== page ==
Bulgarian Parliament approves 2020 Budget Act at second reading

Written by on December 6, 2019 in Bulgaria - Comments Off on Bulgarian Parliament approves 2020 Budget Act at second reading

Bulgaria’s National Assembly has given its final approval to the 2019 Budget Act after a now-familiar marathon of three sittings that went late into the night, on December 5.

As it has done in recent years, Parliament chose to give itself some breathing space and held a special sitting on December 3 to pass the separate healthcare and pension budgets.

It was unable to finish the task on time, with a lengthy debate before the vote to appoint Denitsa Sacheva as Minister of Labour and Social Policy delaying proceedings, part of the debate and votes on the pension budget were held on the next day.

That was followed by the usual opening statements on the central budget as a whole and MPs speaking in favour of amendments tabled between readings, with the result that actual voting on the Budget 2020 Act did not start until after 5pm on November 4.

With the usual sniping between the government coalition MPS and the opposition benches, as well as repeated requests to re-vote amendments, the final provision of the bill was voted close to 10pm on December 5.

Only one major amendment tabled after first reading was passed by Parliament, namely raising the state subsidies for political parties and coalitions that got more than one per cent of the vote at the most recent election to eight leva (about four euro). Earlier this year, the MPs cut the political parties financing from 11 leva for each vote to one lev.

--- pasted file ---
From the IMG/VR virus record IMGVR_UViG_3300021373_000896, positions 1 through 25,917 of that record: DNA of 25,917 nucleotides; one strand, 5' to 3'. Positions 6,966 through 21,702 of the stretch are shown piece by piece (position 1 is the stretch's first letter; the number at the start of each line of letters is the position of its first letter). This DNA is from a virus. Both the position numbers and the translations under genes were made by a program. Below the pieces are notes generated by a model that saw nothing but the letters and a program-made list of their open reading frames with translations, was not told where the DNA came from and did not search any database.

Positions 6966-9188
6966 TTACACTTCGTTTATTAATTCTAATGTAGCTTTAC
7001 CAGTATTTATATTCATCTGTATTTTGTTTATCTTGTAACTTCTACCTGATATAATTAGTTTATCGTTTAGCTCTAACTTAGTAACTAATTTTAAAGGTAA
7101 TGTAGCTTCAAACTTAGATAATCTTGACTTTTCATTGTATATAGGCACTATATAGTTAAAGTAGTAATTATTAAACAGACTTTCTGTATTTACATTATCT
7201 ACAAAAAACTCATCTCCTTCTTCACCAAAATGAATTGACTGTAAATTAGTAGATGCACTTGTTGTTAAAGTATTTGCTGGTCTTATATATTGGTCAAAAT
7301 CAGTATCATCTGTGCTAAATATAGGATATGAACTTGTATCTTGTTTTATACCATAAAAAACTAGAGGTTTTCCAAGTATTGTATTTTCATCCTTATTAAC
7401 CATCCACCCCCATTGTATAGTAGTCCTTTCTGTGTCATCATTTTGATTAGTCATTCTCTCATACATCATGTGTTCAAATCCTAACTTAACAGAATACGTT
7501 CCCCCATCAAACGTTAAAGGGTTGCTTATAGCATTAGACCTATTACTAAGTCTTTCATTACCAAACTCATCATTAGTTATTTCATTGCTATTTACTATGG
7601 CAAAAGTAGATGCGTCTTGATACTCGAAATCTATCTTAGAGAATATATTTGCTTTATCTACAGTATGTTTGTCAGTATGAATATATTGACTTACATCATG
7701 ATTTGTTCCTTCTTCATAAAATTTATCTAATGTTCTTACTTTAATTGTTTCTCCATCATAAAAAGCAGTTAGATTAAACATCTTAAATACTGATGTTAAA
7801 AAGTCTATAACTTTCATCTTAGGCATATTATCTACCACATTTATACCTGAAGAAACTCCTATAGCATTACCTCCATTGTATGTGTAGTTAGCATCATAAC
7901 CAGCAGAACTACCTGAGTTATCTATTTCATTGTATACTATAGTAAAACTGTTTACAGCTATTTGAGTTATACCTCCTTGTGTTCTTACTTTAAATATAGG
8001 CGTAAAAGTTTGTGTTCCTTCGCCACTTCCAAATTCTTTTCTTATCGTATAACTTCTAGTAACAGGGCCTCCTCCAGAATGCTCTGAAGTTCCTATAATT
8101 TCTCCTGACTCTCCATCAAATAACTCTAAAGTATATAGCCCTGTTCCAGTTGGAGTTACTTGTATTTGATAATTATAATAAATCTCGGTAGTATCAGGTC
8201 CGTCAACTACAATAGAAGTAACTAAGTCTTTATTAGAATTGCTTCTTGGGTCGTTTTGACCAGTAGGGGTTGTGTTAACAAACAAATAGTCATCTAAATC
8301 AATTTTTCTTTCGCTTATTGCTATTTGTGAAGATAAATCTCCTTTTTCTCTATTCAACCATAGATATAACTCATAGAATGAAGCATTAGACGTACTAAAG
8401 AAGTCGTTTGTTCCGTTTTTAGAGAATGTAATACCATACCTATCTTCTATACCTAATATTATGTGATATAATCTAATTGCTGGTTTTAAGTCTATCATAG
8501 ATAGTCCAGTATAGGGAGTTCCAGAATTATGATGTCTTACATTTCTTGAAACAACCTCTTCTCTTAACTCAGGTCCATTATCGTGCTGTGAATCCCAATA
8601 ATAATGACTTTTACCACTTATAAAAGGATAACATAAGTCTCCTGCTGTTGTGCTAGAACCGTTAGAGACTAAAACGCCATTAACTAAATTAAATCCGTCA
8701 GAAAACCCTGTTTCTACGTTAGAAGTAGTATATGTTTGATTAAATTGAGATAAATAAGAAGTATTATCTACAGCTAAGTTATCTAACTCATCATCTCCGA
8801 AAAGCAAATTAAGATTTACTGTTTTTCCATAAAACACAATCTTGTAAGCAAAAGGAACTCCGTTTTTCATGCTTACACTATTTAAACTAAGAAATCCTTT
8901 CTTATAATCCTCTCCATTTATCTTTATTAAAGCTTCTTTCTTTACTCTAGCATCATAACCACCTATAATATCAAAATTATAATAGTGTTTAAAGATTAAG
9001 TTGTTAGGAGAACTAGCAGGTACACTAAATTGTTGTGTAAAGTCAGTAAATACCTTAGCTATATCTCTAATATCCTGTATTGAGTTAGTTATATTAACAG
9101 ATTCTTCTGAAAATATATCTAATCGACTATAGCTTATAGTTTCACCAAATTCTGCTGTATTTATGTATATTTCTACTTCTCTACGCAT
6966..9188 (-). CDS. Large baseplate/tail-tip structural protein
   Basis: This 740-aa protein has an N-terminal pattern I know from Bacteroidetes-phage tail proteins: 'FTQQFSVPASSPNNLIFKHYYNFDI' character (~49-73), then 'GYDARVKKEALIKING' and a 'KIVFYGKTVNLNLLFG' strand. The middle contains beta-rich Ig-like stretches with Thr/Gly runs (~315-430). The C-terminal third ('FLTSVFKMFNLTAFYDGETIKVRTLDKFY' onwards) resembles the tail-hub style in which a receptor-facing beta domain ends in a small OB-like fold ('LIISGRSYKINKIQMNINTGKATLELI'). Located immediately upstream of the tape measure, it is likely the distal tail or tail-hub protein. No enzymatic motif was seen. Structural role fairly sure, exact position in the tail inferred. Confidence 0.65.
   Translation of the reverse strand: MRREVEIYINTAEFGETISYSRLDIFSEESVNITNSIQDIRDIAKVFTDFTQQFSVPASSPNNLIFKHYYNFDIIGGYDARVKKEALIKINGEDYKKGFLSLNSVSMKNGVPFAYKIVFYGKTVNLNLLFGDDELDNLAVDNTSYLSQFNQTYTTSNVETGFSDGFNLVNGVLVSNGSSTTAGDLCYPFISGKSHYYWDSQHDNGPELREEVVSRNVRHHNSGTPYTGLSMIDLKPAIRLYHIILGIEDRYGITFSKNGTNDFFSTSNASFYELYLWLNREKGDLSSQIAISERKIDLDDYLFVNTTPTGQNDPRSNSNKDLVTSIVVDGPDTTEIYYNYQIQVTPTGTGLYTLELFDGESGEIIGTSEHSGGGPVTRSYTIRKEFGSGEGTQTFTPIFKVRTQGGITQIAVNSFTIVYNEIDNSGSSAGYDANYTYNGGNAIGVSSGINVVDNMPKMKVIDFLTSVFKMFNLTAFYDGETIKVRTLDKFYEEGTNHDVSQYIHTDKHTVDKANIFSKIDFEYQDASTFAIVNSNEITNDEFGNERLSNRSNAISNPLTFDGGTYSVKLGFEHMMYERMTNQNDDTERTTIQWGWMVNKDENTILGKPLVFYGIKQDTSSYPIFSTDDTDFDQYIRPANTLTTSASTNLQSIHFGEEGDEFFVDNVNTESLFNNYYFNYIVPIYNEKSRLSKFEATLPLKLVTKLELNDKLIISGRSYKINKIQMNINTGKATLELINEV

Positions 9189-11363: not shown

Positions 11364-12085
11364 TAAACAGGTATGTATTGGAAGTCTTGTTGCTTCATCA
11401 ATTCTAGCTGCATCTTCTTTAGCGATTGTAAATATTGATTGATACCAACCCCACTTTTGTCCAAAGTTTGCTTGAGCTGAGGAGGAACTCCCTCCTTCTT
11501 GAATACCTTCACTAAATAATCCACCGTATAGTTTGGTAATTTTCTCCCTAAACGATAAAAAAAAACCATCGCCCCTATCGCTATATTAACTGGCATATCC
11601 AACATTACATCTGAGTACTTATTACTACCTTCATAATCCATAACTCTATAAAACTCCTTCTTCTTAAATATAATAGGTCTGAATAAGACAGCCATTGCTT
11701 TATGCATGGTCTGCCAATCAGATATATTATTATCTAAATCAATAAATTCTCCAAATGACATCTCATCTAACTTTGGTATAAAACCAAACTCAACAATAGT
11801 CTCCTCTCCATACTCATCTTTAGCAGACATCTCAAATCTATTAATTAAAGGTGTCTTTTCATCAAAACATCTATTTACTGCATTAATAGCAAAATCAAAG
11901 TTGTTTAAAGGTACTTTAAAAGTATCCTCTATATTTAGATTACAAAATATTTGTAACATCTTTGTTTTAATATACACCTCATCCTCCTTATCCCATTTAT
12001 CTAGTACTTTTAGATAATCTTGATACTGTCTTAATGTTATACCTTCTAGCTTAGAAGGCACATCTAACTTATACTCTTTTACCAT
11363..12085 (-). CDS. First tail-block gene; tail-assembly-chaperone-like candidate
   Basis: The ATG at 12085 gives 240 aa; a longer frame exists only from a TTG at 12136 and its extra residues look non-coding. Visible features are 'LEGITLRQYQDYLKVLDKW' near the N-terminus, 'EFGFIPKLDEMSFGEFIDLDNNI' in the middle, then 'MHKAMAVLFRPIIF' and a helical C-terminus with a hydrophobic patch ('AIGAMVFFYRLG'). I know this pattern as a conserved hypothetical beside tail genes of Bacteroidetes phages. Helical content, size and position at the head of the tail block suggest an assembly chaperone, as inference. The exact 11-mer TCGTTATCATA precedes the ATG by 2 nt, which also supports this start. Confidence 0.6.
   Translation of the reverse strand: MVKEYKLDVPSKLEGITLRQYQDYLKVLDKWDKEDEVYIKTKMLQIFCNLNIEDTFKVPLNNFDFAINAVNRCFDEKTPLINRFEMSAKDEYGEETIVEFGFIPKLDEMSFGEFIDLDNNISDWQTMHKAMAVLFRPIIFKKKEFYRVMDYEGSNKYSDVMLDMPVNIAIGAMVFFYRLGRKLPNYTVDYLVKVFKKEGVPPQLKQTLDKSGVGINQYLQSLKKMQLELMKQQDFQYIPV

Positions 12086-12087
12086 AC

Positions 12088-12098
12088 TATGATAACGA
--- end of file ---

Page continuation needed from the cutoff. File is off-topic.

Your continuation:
The votes on the amendment caused some confusion as it was defeated twice, only to be passed at the third attempt following a brief recess, sparking accusations from the second-largest opposition party, the Movement for Rights and Freedoms that it was illegal because Parliament’s rulebook did not allow for a third vote on the same amendment.

The 2020 Budget Act envisions increased spending on social policies, education and healthcare, but unlike other years, the draft Budget targets zero deficit.

Revenue and spending are both set to increase in nominal terms, with targets set at 46.83 billion leva (about 23.94 billion euro) – compared to revenues of 43.86 billion leva and spending of 44.46 billion leva in 2019 Budget Act. (This summer’s acquisition of F-16 fighter jets now has the finance ministry forecasting a deficit of two per cent, with revenue estimated at 43.54 billion leva and spending at 45.97 billion leva.)

In its three-year macroeconomic forecast, the ministry also set set zero deficit targets for 2021 and 2022.

For a third year running, the education sector will receive increased funding, to 4.81 billion leva from 4.2 billion leva, which will include a 17 per cent pay rise for teachers.

The Budget allocation for healthcare is set to rise by about 500 million leva to 5.76 billion leva, while pensions and other social safety net spending in 2020 will increase by 900 million leva to 14.85 billion leva.

Defence spending is set to be reduced drastically, from 3.53 billion leva in 2019, when it was boosted by the lump-sum payment for the acquisition of the eight F-16 fighter jets for about 2.13 billion leva, to 1.94 billion leva next year.

In line with previous commitments, the minimum salary will increase to 610 leva starting January 1, to be followed by another increase to 650 leva in 2021, but no further increase is planned for 2022.

Economic growth in 2020 is forecast at 3.3 per cent, while this year’s GDP target is lowered to 3.4 per cent, from 3.7 per cent envisioned in the 2018 Budget Act.

The 2020 Budget Act sets the debt ceiling at 23.1 billion leva, with the government allowed to issue 2.2 billion leva in new debt in 2020. The Finance Ministry said it expected debt to be 24.1 billion leva at the end of 2019, which would represent 20.4 per cent of GDP.

(National Assembly photo: parliament.bg)

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